Jenny Bloom knows her way around startups. She worked as the CFO for both Mailchimp and Zapier (yes, it’s a hell of a resume), and she’s done lots of fractional CFO work with companies since.
Back in September, I chatted with Jenny on the Unlimited Partners podcast. I asked her a couple burning questions about startup tactics, finances, and pricing. In the short piece below, you’ll find my favorite ideas from that conversation—insights you can start applying to your startup today.
Choose a product-led model for quicker growth and better margins
In the early days, the Mailchimp team happened up on an exciting insight: If they could build a product that was so good it’d grow on its own, they could acquire customers at a rapid rate without having a massive sales team. Less sales comp and faster onboarding, free from bespoke deals with long onboarding times, meant big margins and fast growth—a win-win.
For one, Jenny & the Mailchimp team zeroed in on usage-based pricing as a valuable model. It worked because, by charging users based on their number of newsletter subscribers, they were effectively charging on use. The number of subscribers a company has is highly-correlated with value, which meant Mailchimp had an incredibly fair, transparent pricing model.
Mailchimp also offered integrations with big platforms—like Wordpress and Shopify—which made it a no-brainer for lots of brands. This, plus a user-friendly interface & a focus on their core product vision, helped Mailchimp grow without ever needing to hire an enterprise-level sales team.
Avoid overextending yourself to accommodate big customers
At Mailchimp, Jenny had the chance to have both Uber and Oprah as customers. Neither worked out. These were big checks, notable customers, the type of deals that most startups would consider no-brainers.
But they didn’t work out. Why?
Because Mailchimp wasn’t targeting these customers. They focused on a product-led, self-serve offering—something that was attractive for smaller to medium-size businesses. If they accommodated the demands of large enterprising clients, they’d be abandoning the millions of customers they built the platform for, optimizing for the short-term instead of the big picture.
Jenny’s advice? The quicker you learn to say no, the better. Don’t get wowed by big checks if the companies you’re bringing on don’t fit your vision for the product. It’s rarely a good thing to, if you’re interested in long-term success.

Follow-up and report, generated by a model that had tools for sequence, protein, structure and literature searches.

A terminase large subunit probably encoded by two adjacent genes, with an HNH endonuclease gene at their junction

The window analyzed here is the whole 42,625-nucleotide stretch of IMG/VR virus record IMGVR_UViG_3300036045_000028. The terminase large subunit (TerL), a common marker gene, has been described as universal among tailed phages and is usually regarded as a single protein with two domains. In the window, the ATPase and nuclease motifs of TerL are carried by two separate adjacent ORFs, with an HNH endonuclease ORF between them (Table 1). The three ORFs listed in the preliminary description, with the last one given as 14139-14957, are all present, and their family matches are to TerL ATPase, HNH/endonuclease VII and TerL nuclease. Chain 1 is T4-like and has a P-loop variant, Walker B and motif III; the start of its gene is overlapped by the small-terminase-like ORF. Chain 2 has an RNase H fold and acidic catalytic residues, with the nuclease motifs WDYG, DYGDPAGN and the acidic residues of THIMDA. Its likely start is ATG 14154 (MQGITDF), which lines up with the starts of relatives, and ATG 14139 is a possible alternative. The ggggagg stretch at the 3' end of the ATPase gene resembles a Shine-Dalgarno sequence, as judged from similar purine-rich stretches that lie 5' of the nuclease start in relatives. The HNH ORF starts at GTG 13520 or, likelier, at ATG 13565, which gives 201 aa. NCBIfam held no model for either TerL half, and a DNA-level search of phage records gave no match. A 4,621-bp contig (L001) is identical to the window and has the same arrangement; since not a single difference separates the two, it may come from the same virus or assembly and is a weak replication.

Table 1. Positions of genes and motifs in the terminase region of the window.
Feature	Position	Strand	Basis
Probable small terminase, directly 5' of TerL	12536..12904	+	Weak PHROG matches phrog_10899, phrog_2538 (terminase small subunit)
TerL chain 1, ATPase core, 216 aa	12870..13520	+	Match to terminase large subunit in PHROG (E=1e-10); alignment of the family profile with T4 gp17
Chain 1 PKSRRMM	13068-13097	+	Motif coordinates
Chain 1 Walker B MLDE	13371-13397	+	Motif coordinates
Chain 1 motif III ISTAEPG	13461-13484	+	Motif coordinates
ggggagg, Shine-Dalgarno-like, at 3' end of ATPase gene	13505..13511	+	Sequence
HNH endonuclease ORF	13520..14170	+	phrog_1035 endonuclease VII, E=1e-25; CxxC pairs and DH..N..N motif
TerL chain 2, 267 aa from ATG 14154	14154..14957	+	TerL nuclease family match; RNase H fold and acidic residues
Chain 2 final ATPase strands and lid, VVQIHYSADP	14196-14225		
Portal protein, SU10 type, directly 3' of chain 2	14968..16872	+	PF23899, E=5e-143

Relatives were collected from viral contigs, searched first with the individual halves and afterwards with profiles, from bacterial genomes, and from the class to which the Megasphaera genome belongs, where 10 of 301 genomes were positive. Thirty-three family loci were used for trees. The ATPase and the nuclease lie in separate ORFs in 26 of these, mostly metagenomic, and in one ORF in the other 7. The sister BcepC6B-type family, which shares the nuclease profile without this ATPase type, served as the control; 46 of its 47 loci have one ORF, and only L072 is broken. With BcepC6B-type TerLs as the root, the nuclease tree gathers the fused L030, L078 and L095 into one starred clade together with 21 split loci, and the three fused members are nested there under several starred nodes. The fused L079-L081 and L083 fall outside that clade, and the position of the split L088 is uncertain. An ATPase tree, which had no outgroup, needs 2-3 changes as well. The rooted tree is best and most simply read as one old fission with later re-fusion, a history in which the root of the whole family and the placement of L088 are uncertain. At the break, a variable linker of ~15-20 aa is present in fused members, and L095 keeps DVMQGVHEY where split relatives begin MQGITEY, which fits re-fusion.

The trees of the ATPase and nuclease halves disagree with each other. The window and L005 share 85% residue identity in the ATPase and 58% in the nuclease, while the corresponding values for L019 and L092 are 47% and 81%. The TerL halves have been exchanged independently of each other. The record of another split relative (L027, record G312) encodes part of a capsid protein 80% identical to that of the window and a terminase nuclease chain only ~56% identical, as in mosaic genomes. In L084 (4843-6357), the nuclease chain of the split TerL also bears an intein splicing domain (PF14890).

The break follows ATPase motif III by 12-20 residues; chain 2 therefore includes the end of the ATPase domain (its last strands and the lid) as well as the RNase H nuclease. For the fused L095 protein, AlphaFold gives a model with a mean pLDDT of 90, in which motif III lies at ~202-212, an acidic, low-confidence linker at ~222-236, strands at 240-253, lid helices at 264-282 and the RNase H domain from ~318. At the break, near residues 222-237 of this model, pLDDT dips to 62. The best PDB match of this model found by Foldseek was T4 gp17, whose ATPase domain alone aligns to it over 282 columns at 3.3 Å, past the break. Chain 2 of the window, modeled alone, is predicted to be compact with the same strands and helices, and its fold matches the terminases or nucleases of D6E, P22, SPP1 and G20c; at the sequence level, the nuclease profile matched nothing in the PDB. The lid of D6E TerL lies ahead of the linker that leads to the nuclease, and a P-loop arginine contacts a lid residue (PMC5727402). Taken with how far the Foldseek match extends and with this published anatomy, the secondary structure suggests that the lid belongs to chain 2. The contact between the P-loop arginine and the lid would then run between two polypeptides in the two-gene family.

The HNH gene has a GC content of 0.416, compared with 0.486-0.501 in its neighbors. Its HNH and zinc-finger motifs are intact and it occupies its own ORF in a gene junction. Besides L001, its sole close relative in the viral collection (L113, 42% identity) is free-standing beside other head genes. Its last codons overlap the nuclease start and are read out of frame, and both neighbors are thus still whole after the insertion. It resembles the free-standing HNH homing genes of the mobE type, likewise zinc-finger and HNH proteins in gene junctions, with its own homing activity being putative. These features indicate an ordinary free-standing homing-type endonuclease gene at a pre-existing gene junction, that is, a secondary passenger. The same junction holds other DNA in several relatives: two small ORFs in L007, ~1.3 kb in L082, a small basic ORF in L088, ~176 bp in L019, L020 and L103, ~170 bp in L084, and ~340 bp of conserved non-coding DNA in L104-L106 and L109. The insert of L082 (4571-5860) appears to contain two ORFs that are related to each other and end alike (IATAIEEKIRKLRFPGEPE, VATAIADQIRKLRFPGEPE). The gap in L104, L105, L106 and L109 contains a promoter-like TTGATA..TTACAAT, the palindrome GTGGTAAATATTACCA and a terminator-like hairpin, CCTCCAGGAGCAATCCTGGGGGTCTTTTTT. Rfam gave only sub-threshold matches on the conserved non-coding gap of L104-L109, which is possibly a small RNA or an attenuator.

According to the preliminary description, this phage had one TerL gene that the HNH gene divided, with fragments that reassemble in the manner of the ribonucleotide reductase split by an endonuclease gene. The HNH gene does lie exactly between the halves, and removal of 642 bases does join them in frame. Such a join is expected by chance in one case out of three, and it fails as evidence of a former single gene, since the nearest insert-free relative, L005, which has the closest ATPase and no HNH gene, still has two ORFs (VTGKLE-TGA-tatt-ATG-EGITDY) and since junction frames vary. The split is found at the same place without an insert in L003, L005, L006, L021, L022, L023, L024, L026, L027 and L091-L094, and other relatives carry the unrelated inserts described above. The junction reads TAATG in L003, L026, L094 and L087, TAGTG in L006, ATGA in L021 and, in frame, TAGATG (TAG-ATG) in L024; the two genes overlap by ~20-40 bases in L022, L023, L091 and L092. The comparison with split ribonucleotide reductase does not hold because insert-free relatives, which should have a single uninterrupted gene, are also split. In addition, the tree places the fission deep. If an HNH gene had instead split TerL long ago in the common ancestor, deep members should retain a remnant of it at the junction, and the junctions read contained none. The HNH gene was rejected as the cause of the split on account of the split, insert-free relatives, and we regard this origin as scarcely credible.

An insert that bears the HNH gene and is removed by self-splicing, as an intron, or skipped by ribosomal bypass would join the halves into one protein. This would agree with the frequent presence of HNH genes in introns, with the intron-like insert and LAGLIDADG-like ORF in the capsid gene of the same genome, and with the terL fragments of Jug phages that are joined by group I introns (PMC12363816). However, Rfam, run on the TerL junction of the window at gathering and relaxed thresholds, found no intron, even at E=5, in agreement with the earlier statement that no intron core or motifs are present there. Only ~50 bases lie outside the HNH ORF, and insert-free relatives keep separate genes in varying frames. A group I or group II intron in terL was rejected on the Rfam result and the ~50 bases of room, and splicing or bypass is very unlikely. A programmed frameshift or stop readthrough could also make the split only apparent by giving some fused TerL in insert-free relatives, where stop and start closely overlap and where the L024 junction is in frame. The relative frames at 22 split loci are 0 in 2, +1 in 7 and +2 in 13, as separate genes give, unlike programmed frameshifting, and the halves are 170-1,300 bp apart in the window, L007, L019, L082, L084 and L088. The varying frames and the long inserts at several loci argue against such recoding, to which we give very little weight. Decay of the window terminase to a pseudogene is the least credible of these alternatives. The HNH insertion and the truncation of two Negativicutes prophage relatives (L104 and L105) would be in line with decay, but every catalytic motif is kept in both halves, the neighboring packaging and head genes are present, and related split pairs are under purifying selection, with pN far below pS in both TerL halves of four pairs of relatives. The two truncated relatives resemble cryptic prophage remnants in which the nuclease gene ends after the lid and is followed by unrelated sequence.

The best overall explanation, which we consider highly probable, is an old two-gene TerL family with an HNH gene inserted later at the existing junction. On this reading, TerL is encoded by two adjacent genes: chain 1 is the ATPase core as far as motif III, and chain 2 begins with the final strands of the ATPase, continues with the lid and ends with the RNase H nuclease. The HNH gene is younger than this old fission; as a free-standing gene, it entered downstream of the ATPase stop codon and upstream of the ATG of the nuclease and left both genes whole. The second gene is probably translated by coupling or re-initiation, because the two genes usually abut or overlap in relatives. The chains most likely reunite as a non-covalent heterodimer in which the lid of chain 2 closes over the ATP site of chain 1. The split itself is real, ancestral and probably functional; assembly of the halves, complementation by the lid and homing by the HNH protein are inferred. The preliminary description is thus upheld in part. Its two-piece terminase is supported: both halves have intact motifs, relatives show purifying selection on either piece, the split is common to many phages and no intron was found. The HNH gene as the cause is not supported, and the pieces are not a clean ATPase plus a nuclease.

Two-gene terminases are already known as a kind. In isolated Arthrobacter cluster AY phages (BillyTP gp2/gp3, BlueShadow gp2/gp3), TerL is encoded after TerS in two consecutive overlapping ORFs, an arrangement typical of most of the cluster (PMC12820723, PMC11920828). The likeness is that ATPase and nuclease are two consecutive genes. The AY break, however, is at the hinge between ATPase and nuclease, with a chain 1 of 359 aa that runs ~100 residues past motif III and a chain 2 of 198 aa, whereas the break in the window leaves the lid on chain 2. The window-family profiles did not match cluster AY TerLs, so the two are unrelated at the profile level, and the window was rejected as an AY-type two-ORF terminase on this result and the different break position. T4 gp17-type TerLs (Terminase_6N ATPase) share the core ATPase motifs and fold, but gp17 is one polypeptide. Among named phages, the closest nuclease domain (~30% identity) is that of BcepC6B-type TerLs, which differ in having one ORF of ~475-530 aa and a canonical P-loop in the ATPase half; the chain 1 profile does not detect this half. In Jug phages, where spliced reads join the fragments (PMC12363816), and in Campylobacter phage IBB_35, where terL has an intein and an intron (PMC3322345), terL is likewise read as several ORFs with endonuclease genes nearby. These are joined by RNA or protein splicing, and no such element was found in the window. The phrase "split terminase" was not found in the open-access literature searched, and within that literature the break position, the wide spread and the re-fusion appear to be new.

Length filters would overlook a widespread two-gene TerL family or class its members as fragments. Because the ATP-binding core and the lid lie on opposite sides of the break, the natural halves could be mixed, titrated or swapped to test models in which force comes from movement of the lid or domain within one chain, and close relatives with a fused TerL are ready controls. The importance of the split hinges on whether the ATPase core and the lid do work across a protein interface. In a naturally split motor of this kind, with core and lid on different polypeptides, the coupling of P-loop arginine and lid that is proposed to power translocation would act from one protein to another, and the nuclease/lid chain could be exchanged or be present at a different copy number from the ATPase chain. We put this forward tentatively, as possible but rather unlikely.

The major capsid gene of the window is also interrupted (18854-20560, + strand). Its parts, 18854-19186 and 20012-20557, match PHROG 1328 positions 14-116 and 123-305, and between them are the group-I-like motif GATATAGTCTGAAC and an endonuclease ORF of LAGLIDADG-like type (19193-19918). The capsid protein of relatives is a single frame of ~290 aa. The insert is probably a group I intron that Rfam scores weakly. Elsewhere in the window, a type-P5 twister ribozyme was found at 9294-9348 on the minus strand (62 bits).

Be honest about your company’s features when selling
One frustration Jenny noted is startups’ tendency to overstate their current features—and lie about future features will arrive. This isn’t good for sales, as many people will be able to see through marketing nonsense. But it’s also not good for retention, because if the features you promised don’t arrive on time, you lose trust.
It’s tempting to be over-optimistic about your features. But when you’re talking to customers, stay conservative and play it safe. Only make promises you know you can keep.
Automate everything you can, as quick as you can
Every time you do something manually that could’ve been automated, you’re burning through your cash. At Zapier, Jenny’s accounting team was about half the headcount of other similarly-sized companies. That’s because they were able to automate better than almost anyone else.
Of course, it saves you lots of money: if you can have a team of 5 instead of 10, you could be saving upwards of $600k or $700k per year. But automation also means you can get things done faster—and there’s less margin for error. This is incredibly valuable as you scale.
Purchase software instead of building in-house solutions
Every minute you have your engineers building in-house solutions—for pricing, revenue recognition, or anything else—they’re losing time they could be spending on your actual product. This is especially harmful if you focus on product-led growth.
So, Jenny told me, startups should look to purchase already-existing software solutions when it’s possible. Odds are, something’s already been built to solve the problem you have. And it may even be better than what you’d put together in-house.
This isn’t the case every time, of course. At Zapier, Jenny said, they had to build an in-house system for revenue recognition. The options on the market weren’t nuanced enough to capture what Zapier was doing. But this is an edge case. More often than not, there’s a solution out there for you.
This resonated with me. It’s why I started Octane: We’re a usage-based billing platform. Instead of having your engineers spend months figuring out how to build a usage-based billing platform in-house, you get set up with Octane in just a couple of minutes. Head here if you’d like to learn more. Now, onto more of Jenny’s insights.
Implementing usage-based pricing? Don’t make your engineering team do it
This last one’s an insight from me: Your engineering team should probably (and would rather) work on the core competency of your product. Usage-based pricing is a serious lift to implement, and they shouldn’t have to do it. Which is why we built Octane, which lets you implement usage-based pricing in just a few clicks. No engineering resources required.